Looking back it’s hard to believe but when I was younger I hated doing the gardening project in 4-H and couldn’t grow anything. Anything; I killed basil, several times. Anyone who has grown herbs knows that basil is really easy to grow. It was ironic that the only 4-H scholarship I received when I graduated from high school was the plant science scholarship, not the sheep scholarship.
I started college at UT Martin with the goal in mind of majoring in agricultural communications with an emphasis in livestock production. It was with resignation that I took the required Intro to Plant and Soil Science class which every agricultural major learned to love (or hate depending on your grade). I did rather well in the class and discovered that I enjoyed plants. At the end of our class our teacher took us on a field trip to the campus’ greenhouses. In a passing comment he mentioned that they hire student workers in the greenhouses.
The next semester I got a job working in the Grounds Department greenhouses. It was an interesting situation because there was a change in management while I was there and the student workers were really just left to do their own thing. I learned early on that landscaping and lawn maintenance was really not my thing. But I loved working in the greenhouse. Once I learned the ropes I spent hours every week pulling weeds from benches and watering plants. Looking back I know that I didn’t know what I was doing but I can say for sure that those benches have never been cleaner of weeds and the floors better swept. Even washing pots, a tedious and endless job, especially in the winter months, was not too much of a chore.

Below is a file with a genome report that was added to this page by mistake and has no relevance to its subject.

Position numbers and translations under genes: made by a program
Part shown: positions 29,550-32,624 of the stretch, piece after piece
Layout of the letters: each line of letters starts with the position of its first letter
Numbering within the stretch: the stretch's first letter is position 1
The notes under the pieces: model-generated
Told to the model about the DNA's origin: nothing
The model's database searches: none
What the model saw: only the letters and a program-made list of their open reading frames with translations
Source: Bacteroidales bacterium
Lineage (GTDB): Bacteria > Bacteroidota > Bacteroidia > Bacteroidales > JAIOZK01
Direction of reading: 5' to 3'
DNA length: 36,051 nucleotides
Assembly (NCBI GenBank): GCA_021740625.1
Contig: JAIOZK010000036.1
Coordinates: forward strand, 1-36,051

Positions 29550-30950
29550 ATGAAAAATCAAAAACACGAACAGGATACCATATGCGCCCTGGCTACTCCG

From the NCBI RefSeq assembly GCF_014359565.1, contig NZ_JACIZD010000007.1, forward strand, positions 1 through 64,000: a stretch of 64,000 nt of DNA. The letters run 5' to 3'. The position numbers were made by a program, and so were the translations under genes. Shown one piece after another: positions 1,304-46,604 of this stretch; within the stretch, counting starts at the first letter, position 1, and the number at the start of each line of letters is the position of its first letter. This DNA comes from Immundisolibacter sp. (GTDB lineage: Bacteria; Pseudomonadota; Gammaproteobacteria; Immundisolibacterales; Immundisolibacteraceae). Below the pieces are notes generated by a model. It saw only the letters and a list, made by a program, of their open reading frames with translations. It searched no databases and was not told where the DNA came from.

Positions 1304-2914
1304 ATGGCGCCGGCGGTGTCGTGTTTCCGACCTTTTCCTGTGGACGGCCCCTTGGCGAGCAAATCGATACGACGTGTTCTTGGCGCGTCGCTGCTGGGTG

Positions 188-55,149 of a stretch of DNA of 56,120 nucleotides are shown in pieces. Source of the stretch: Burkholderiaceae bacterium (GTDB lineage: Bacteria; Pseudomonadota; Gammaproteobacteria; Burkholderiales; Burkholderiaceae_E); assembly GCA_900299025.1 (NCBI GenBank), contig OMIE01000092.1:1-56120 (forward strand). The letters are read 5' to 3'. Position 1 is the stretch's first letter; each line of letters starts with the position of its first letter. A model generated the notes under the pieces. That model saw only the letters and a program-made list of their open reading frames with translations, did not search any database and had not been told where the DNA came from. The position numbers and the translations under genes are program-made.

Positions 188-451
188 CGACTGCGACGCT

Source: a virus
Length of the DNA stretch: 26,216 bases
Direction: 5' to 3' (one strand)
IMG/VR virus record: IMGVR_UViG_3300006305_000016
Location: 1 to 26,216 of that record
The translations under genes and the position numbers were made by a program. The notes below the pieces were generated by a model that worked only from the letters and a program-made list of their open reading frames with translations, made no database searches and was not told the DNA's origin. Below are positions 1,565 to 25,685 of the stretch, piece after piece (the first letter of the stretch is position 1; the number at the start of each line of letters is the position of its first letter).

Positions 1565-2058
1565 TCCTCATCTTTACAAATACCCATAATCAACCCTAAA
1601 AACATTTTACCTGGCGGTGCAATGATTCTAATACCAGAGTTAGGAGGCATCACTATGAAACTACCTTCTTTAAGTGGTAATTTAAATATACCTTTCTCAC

The next semester I transferred over the other greenhouse, just across the road. This greenhouse was part of the Plant and Soil Science department and used for research and teaching. Under the direction of my advisor and supervisor, Dr. Totten, I learned more about how to work and manage a greenhouse. I was taught not only what to do but why and how to do things. The main plants in the greenhouse were pots of grass Dr. Totten used for his turfgrass classes. I really don’t like grass much but I kept those grass pots neatly mowed, fertilized and watered.
About this time I realized that I like working with plant much more than animals. Plants do not move, or make noise, or bite, or kick and you don’t feel quite so bad when they die. I was looking for every and any opportunity to learn more about growing plants and horticulture.
It was always my dream to study abroad so the opportunity to study production horticulture at Olds College in Olds, Alberta was perfect. At the time I did not know much about the program or the college but I was excited to get the opportunity to take classes not available to me at UT Martin.
I studied production horticulture at Olds from September to December 2010. I had classes in Soil Science ( I am not trained to use the American, Canadian and International Soil textural Triangle), Fall Greenhouse crops, Vegetable Production, and Floriculture. Olds College excels that having hand-on education in as close to real-life situations as possible. Everyday we worked with crops in huge greenhouses and arranged Christmas floral arrangements. I’m not sure I can explain or even realize the impact that my semester at Olds had on my education or career path but I decided then that horticulture, in whatever shape or form, was what I wanted to do with my life.
My future plans are to graduate in May 2012 from UT Martin with a Bachelor’s of Agricultural Science with an emphasis in communications and to plant a garden every summer. I am seriously considering getting my master’s degree in production horticulture or some other related field after I graduate.